The tool shapes the hand.
A posh way of saying that if the only tool you have is a hammer then every problem looks like a nail.
I am writing this on a Nokia N800, a little internet tablet, kind of like a Linux based iPhone but without the phone bit just wifi, Skype and Gizmo, Firefox and access to a large repository of free software.
The thing I have found most interesting about using such a device is how it shapes my approach to the internet. The internet is no longer something remote, locked away behind a computer that will take ages to boot, but it is now immediate, personal, readable!
I am not a big fan of the ebook concept, it threatens to leave the past mutable and the present controlled, but as I type these words and my brain nods sagely I can feel my paws twitch as they dream of an infinite library.
Hmm… but does it fit into your hand as beautifully as the iphone? and the immediacy, so it is with the iphone – what’s the diff?
I suspect that the iPhone may trigger similar thoughts, I do not have one so could not comment to that. The N800 does have the “advantage” of supporting Flash so is more universal in that respect.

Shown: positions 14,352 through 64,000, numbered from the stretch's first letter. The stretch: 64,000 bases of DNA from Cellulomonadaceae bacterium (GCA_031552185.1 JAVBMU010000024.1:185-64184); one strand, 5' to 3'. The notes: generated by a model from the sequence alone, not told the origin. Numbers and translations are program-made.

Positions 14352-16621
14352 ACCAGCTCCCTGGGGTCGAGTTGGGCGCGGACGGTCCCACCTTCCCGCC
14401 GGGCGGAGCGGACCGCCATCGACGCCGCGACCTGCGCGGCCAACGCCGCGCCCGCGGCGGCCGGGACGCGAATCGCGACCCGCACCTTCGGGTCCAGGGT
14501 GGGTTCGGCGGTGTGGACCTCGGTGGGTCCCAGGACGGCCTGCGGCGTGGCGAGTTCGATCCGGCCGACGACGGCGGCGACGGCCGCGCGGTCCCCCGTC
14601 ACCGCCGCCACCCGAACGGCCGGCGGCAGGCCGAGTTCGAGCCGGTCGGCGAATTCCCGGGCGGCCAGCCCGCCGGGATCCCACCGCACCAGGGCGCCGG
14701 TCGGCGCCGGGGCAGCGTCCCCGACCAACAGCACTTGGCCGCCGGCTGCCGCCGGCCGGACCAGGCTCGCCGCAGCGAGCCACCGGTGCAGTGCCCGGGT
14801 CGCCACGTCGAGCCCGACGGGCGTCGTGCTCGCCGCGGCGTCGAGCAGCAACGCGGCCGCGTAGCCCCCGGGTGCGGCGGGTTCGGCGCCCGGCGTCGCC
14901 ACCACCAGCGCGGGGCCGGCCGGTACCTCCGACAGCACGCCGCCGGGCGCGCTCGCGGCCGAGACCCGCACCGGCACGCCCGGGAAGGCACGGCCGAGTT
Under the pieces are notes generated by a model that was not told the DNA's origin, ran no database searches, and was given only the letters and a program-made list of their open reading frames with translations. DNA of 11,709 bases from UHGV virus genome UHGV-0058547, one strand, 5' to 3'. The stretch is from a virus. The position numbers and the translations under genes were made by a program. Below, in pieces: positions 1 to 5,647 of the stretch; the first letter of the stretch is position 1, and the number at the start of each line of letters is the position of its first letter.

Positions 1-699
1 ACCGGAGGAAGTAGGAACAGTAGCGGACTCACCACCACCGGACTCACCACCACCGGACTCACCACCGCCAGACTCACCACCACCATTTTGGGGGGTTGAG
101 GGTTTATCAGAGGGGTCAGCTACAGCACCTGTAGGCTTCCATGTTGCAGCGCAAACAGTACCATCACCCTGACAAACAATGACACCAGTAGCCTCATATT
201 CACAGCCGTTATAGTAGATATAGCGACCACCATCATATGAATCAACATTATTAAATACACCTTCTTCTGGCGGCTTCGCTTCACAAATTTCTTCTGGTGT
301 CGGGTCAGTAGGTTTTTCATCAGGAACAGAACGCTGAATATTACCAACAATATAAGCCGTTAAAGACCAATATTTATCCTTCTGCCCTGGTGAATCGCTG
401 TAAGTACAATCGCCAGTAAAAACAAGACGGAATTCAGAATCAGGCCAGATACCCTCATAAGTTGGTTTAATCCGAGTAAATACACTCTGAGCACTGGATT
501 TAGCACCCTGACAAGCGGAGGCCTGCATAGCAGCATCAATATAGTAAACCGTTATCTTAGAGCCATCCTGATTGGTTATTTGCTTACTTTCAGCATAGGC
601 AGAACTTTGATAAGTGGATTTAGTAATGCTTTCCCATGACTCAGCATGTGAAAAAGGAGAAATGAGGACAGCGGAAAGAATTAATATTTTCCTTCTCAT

The key test is do you reach for it at 3am when your blocked sinuses have woken you up and you have to wait for the medicine to kick in so you can go back to sleep?
The Internet has been rather too immediate for me for some years now. I’m almost always with my laptop, and seldom far from a wireless network. My laptop gets pushed under my bed last thing at night, and pulled out first thing in the morning. It rarely takes more than thirty seconds from opening it up to checking my emails or the Guardian headlines. I start to get a bit nervy if I’m out of wireless range and my fingers itch if I haven’t been online for a few hours.
It’s for this reason that I actively avoid buying a crackberry or the lovely-looking iPhone. I think if the online world were any more immediate I might just disappear head-first into the Matrix, never to return.
@The Bureauista I know what you mean, I sometimes think that the modern world is some kind of giant behavioural experiment, a vast Skinner’s Box where we are tested to see how long we can go without tweeting, texting or blogging.
I wonder what our food pellet rewards are? Twitter followers? Blog links? 🙂